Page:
My opinion on shale gas counts

Recently, in a live radio interview, I was asked if the fact that my business could be a beneficiary of shale gas here in Lancashire should in some way disqualify my views and opinions on the topic.

By Lee Petts, Remsol.

In a very nice way, I think he was suggesting that I might be biased. I'm not. But it raises an interesting point.

The very fact that my business has been supporting Cuadrilla Resources for several years is exactly why my opinion counts so much: I've seen behind the curtain and have had a glimpse of what the future might hold for other Lancashire businesses that could benefit from supply chain contracts if shale gas gets going.

I'm also a Lancashire resident. I live here with my family, we holiday in Lancashire and, as a result, I have just as much right as any other resident to express my views on its future - in which I'd like to see a vibrant local economy that creates career opportunities for young people.

As a constituent of Lancashire County Council, I hope my views and opinions will be given due weight and consideration next week when councillors on the Development Control Committee meet to consider the two planning applications before them for shale gas exploration at sites in Little Plumpton and Roseacre Wood.

I certainly expect my opinions to count more than those people from outside the county that have submitted written objections or signed national online petitions - and a lot more than those of the people expected to descend on County Hall in Preston from far and wide to protest outside.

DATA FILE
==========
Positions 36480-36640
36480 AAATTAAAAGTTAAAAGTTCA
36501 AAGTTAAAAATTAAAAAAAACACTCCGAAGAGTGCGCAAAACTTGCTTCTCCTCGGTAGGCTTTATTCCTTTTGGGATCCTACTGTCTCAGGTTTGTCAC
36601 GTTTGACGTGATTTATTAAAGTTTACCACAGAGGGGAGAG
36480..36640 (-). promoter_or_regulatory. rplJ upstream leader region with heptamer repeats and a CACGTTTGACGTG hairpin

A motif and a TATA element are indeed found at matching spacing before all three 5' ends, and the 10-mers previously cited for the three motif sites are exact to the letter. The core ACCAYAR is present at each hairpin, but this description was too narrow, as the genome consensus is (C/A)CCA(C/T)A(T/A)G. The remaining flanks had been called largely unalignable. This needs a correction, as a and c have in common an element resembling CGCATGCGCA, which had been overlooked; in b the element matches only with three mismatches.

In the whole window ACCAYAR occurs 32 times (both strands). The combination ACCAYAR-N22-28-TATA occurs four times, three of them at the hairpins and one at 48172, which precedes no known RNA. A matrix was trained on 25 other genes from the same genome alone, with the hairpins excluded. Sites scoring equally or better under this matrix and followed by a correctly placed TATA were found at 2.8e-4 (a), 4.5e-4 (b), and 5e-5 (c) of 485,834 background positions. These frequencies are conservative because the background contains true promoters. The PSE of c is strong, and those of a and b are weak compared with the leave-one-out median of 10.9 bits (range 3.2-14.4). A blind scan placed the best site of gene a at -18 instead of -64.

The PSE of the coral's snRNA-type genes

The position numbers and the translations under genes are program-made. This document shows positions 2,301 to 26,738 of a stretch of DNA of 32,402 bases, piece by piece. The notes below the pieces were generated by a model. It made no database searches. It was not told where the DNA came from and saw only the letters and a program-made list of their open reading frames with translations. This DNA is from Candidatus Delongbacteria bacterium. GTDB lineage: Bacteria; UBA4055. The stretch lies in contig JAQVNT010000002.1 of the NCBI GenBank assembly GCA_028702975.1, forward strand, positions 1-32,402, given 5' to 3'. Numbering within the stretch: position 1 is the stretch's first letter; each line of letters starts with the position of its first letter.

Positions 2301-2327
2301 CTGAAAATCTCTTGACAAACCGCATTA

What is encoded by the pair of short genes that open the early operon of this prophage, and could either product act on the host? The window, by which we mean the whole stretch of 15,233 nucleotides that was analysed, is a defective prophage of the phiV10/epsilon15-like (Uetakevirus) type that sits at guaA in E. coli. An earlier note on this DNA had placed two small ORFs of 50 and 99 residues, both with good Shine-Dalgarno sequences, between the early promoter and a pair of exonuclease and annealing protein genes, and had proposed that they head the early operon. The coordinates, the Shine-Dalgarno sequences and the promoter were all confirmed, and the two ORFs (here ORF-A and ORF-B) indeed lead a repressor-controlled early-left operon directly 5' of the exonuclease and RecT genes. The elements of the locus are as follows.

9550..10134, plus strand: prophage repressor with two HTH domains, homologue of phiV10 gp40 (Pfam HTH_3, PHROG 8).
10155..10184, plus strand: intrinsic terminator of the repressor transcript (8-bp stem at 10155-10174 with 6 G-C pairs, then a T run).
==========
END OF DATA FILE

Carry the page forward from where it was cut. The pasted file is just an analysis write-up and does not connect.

Because these decisions are about Lancashire. They should be made by and for the people and businesses of Lancashire and not influenced by celebrity personalities and politicians from outside the region seeking to take advantage of the publicity it generates.

In recommending the refusal of plans at Roseacre Wood, planning officers have already demonstrated that they're taking account of traffic concerns raised by local people, proving the democratic value of the planning process and public consultation that it allows for.

Our elected representatives at Lancashire County Council now have a chance to show that the authority is capable of making complex, difficult decisions for the long-term good of Lancashire and its citizens - even if those decisions prove unpopular with some.

If it gets this wrong, we might well see central government seize responsibility for shale gas planning in the future, taking the decisions out of local hands and limiting the opportunity for local people to influence those decisions. That's the last thing anybody wants, which is why I'm calling on our elected representatives to reach sensible conclusions next week for the benefit of Lancashire and its people. After all, Lancashire is a place where everyone matters, including me.